Trinity High School to Alcohol/Drug Test Students

Page 9 of Trinity is a private school so if they want to do this it is what it is. However how would a public school get away with this? How is this not a 4th am... 138 comments | 6873 Views | Go to page 1 →

  1. #121

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    Quote Originally Posted by Jumper_Dad View Post
    I wonder about that too. My son was, I think, the first student to be drug tested at his school when the policy went in to place. He then was "Randomly" selected more than just about anyone on his team over his four years in school. Why? I think because they were pretty sure they would always get a clean test from him. Some kids were rarely picked and they also happened to be kids with reputations that would lead you to believe they may not be able to pass a drug test. I'm not sure how often they tested but it was at least once a semester and may have been 4 times a year.

    I think anyone involved in extra curricular activities or drove to school were subject to be randomly tested.
    Agreed. The cross country team at my high school were all pretty nerdy and we were "randomly" tested at a pretty high clip. It was always kind of an inside joke with us as to why. I think that a school like Clay County, which is already hurting for money, could better use their resources elsewhere, but someone would have to be pretty galvanized politically to be the one who spoke out about it because all the Bible-thumpers (or opportunistic opponents) would have a field day with it. At the end of the day, I don't think its a big secret that you can easily beat a urine test anyway.
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  2. #122

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    Quote Originally Posted by Riverside 157 View Post
    Hats off to Trinity for taking on this issue!!!! Not sure how it will pan out, however I do think that it is a good thing! Kinda surprised that THS thought that they really needed this??? I saw on the news yesterday the list of drugs they are testing for, steroids is NOT on the list! Very interesting . . . I hope that it is equally inforced as described. Based on past performance, I think THS has to prove themselves that this is the case and has higher priority than participating in a state championship game. Hope this works out and does not creat a ongoing controversy for THS. The Administration is addressing what they feel is a issue, I think they have made the right steps... now for the implementation!!!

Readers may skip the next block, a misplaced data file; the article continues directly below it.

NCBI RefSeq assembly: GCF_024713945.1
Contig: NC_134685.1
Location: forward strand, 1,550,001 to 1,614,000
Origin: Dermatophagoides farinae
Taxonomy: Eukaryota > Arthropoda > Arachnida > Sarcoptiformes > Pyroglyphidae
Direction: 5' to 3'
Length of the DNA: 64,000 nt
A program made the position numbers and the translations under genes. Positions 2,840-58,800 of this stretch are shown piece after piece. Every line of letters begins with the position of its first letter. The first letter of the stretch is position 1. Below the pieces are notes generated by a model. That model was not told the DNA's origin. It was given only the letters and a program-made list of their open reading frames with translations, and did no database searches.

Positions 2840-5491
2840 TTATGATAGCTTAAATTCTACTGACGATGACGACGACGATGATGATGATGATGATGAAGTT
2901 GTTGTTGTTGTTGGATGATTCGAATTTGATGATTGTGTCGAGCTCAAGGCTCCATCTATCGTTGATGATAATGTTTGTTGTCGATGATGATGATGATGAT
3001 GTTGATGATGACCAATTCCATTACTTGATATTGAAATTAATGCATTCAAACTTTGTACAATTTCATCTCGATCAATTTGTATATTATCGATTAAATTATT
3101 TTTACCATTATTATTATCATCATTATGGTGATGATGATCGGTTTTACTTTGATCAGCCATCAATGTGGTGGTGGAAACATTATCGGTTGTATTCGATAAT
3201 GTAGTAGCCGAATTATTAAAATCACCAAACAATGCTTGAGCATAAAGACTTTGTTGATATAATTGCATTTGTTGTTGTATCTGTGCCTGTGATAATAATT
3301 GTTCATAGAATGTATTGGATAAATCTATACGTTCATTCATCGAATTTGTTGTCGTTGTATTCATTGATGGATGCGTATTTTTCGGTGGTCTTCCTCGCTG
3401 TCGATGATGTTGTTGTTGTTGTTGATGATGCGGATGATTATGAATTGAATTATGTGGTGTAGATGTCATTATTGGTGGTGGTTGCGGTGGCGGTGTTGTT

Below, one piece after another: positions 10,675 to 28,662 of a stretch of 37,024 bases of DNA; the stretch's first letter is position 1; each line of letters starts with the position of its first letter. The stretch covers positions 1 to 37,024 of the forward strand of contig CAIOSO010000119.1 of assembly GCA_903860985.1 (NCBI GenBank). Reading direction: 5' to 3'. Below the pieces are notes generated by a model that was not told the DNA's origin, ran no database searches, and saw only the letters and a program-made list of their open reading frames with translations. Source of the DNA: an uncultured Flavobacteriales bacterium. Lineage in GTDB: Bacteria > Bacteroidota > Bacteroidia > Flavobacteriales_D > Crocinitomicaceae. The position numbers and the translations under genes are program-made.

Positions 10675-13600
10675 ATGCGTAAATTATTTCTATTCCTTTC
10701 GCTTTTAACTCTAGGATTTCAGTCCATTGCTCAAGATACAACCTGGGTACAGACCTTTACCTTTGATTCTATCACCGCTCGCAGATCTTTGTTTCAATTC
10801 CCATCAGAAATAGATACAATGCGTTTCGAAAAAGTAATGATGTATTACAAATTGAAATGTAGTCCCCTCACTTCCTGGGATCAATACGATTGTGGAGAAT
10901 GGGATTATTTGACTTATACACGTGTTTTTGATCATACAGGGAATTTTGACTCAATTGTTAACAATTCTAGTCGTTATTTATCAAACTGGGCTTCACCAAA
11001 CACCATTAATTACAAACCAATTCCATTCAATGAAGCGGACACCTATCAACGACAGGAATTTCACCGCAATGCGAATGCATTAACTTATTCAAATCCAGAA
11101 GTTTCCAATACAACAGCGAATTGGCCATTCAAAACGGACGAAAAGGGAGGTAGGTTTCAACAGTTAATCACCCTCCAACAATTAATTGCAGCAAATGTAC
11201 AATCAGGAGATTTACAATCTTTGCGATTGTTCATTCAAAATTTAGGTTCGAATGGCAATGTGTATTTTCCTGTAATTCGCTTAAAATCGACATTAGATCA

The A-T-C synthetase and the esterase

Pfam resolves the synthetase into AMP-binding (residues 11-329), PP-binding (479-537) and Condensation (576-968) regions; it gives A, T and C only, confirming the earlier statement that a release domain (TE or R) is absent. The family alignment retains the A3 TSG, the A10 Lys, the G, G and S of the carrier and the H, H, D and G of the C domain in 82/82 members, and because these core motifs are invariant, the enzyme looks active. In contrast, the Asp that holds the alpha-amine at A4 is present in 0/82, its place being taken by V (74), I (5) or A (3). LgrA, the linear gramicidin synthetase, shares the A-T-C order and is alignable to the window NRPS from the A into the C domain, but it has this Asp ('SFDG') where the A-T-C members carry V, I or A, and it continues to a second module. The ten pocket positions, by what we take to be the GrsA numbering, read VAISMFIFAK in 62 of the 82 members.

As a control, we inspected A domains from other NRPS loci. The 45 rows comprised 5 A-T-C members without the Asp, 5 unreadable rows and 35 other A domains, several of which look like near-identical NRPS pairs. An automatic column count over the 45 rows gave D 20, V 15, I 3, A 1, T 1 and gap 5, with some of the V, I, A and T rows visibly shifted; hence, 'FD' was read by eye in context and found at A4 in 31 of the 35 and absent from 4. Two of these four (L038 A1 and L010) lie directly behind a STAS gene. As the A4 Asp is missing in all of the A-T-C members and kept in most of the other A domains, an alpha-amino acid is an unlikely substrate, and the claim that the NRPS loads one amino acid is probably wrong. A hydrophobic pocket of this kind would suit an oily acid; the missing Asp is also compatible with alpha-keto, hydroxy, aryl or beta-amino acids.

Passive-aggressive post.

  3. #123
    LIPTON BASH's Avatar
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    Quote Originally Posted by theguru View Post
    Without getting into a long explanation, because with one you have a choice, the other you don't.
    People have a choice not to drive?

    I don't like the idea of testing kids just because they go school. For sports I get it because playing sports isn't a right.

    With Trinity it is a private school so they can do what they want. Doesn't mean I have to like it. I see no way how it could be legal at a public school to randomly test all students.

  4. #124
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    Quote Originally Posted by theguru View Post
    There is some evidence that points to this helping swimmers. I would not assume that at all.
    More than just "some." It's a straight-up fact that no hair on the body decreases drag friction when in the pool. So are all Trinity swimmers exempt? Or will the Trinity swim team see record numbers in the fall?

  5. #125

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    Quote Originally Posted by Riverside 157 View Post
    Hats off to Trinity for taking on this issue!!!! Not sure how it will pan out, however I do think that it is a good thing! Kinda surprised that THS thought that they really needed this??? I saw on the news yesterday the list of drugs they are testing for, steroids is NOT on the list! Very interesting . . . I hope that it is equally inforced as described. Hope this Based on past performance, I think THS has to prove themselves that this is the case and has higher priority than participating in a state championship game.works out and does not creat a ongoing controversy for THS. The Administration is addressing what they feel is a issue, I think they have made the right steps... now for the implementation!!!
    And now we hear from the X factor. Stating this as gently as I can, you don't know your rump from a hot rock. I have ZERO concern about fair implementation. If we were concerned about maintaining participation, we might have a policy that says we will ignore teenage drug and alcohol use unless they do it at school and rub our noses in it, then we'll get rid of them and pretend they were never here.